Mark Lilla has an amazing piece in the most recent ed. of The New Republic here (gated - I can e-mail to interested friends) that seizes on a tide of neoconservative thought among China's students/intellectuals. (This despite the magazine's own hawkish foreign policy turns in the last few years, under Peretz. Ugh, anyway. Lilla points to an excellent article by Evan Osnos two years ago. A key moment is probably his meeting Strauss disciple Harvey Mansfield on tour, baffled by why he is a big deal in China, but nevertheless wearing a "honey colored panama" and loving it.)
There was a running joke when I was in Cambridge about working on Karl Schmidt, an obscure medievalist, as Carl Schmitt has also become mindlessly vogue among trend-driven, chain-smoking intellectual historians. (Or as Lilla says,"the short, elusive books by this once Nazi collaborator have attracted Western radicals too soft-minded for Marxian empiricism and charmed by the notion that tout commence en mystique et tout finit en politique.") So at first the title was funny for seeming somewhat obscure, then it wasdepressing.
Strauss and Schmitt are at the center of intellectual debate, but they are being read by everyone, whatever their partisan leanings; as a liberal journalist in Shanghai told me as we took a stroll one day, “no one will take you seriously if you have nothing to say about these two men and their ideas.”
"Students of a more conservative bent actually agree with much of the left’s critique of the new state capitalism and the social dislocations it has caused, though they are mainly concerned with maintaining “harmony” and have no fantasies (only nightmares) about China going through yet another revolutionary transformation. Their reading of history convinces them that China’s enduring challenges have always been to maintain territorial unity, keep social peace, and defend national interests against other states—challenges heightened today by global market forces and a liberal ideology that idealizes individual rights, social pluralism, and international law."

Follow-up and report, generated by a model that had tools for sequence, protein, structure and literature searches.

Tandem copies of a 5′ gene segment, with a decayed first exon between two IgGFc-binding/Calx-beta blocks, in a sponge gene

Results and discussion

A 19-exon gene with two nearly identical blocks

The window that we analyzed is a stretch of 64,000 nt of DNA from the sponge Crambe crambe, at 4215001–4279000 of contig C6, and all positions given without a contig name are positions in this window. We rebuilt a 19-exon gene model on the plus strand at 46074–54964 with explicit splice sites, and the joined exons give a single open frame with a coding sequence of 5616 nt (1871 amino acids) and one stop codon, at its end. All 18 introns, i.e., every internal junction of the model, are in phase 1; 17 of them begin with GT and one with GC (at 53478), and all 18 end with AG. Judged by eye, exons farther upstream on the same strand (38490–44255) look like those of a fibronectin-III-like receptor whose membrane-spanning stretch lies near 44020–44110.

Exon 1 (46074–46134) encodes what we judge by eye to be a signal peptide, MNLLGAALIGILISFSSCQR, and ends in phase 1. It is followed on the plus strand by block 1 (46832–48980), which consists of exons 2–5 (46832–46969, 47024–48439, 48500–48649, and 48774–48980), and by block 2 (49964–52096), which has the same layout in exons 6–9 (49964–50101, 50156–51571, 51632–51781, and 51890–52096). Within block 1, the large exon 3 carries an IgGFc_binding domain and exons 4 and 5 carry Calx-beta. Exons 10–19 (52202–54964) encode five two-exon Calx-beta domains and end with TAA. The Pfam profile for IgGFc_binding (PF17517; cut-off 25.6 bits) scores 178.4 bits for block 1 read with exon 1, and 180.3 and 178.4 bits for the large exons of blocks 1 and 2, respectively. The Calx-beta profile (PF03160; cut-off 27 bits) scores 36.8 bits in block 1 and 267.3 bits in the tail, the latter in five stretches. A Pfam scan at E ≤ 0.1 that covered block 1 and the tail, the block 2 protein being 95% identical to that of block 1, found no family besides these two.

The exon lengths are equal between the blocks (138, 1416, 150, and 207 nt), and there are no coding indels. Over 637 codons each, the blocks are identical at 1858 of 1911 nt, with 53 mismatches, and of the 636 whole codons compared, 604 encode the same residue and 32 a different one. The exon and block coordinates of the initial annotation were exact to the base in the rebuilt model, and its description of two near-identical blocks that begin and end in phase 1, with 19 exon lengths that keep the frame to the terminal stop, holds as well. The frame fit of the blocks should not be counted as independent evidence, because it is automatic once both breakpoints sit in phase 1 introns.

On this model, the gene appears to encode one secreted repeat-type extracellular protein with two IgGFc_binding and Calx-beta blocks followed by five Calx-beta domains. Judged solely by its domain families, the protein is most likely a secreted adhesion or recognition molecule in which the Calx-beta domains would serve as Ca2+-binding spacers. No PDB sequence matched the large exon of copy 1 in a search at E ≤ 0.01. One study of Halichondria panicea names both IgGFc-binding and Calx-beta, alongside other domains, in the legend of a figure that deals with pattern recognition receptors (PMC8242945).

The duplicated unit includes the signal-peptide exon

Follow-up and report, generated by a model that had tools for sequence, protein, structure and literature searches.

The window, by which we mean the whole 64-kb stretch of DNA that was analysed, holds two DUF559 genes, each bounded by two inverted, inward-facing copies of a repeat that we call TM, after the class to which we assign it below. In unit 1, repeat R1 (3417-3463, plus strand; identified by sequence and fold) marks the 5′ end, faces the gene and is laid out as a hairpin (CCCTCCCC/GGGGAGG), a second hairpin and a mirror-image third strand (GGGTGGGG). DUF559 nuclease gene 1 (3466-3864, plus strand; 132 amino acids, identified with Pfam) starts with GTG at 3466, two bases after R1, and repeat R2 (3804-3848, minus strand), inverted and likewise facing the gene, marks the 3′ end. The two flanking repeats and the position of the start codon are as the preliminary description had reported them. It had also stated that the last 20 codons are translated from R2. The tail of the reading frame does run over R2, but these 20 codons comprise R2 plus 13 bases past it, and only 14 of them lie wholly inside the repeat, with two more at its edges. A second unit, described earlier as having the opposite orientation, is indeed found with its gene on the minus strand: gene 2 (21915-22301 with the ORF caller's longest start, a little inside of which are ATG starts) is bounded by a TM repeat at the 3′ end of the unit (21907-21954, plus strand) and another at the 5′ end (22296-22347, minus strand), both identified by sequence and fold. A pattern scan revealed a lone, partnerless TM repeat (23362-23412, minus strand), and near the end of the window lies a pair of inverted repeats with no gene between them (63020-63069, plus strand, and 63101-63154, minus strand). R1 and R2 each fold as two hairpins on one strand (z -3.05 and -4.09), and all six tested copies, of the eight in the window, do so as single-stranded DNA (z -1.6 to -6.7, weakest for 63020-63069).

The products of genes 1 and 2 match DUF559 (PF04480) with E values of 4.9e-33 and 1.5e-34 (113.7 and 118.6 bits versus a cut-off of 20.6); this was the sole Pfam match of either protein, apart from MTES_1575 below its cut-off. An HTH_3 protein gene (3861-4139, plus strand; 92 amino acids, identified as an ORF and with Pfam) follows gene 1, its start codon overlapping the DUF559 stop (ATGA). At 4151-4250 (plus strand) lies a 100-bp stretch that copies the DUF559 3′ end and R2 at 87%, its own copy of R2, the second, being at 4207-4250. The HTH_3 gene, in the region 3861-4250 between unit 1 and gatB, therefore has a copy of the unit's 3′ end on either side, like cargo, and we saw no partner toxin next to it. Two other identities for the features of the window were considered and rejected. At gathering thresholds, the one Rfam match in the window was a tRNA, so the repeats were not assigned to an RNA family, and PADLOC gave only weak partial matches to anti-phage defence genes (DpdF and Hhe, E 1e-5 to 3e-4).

"...for the young Chinese I met, the distinction between sages and statesmen and the idea of an elite class educated to serve the public good make perfect sense because they are already rooted in the Chinese political tradition. What makes Strauss additionally appealing to them, apart from the grand tapestry of Western political theory he lays before them, is that he makes this ideal philosophically respectable without reference to Confucius or religion or Chinese history. He provides a bridge between their ancient tradition and our own..."The core of it - how educated young intellectuals are, distressed with China's progress, whipping away from liberal ideas and seizing upon soveriegnty and "cultural nationalism" as an alternative- I see as intimately connected with two other debates. First, this background gives far more context to the "universal values" debate that was in the background of LXB's Nobel Prize, so I think its quite timely given the recent ceremony. What are the consequences of an rising Chinese intelligentsia that firmly holds political liberalization in opposition to sovereignty, and begins to situate that within the narrative of modern Western philosophy? Second is the public philosophy debate. I have been thinking (not alot but some) about Daniel Bell's work, which by some accounts has tried, in reaction precisely to this first question, to sketch out a sort of softer "neopaternal NeoConfucianism" as a public philosophy for China's 21c. The last para from Lilla implies that that this little dance of proto paternalism isn't far off from proto fascism, whichever way you spin it.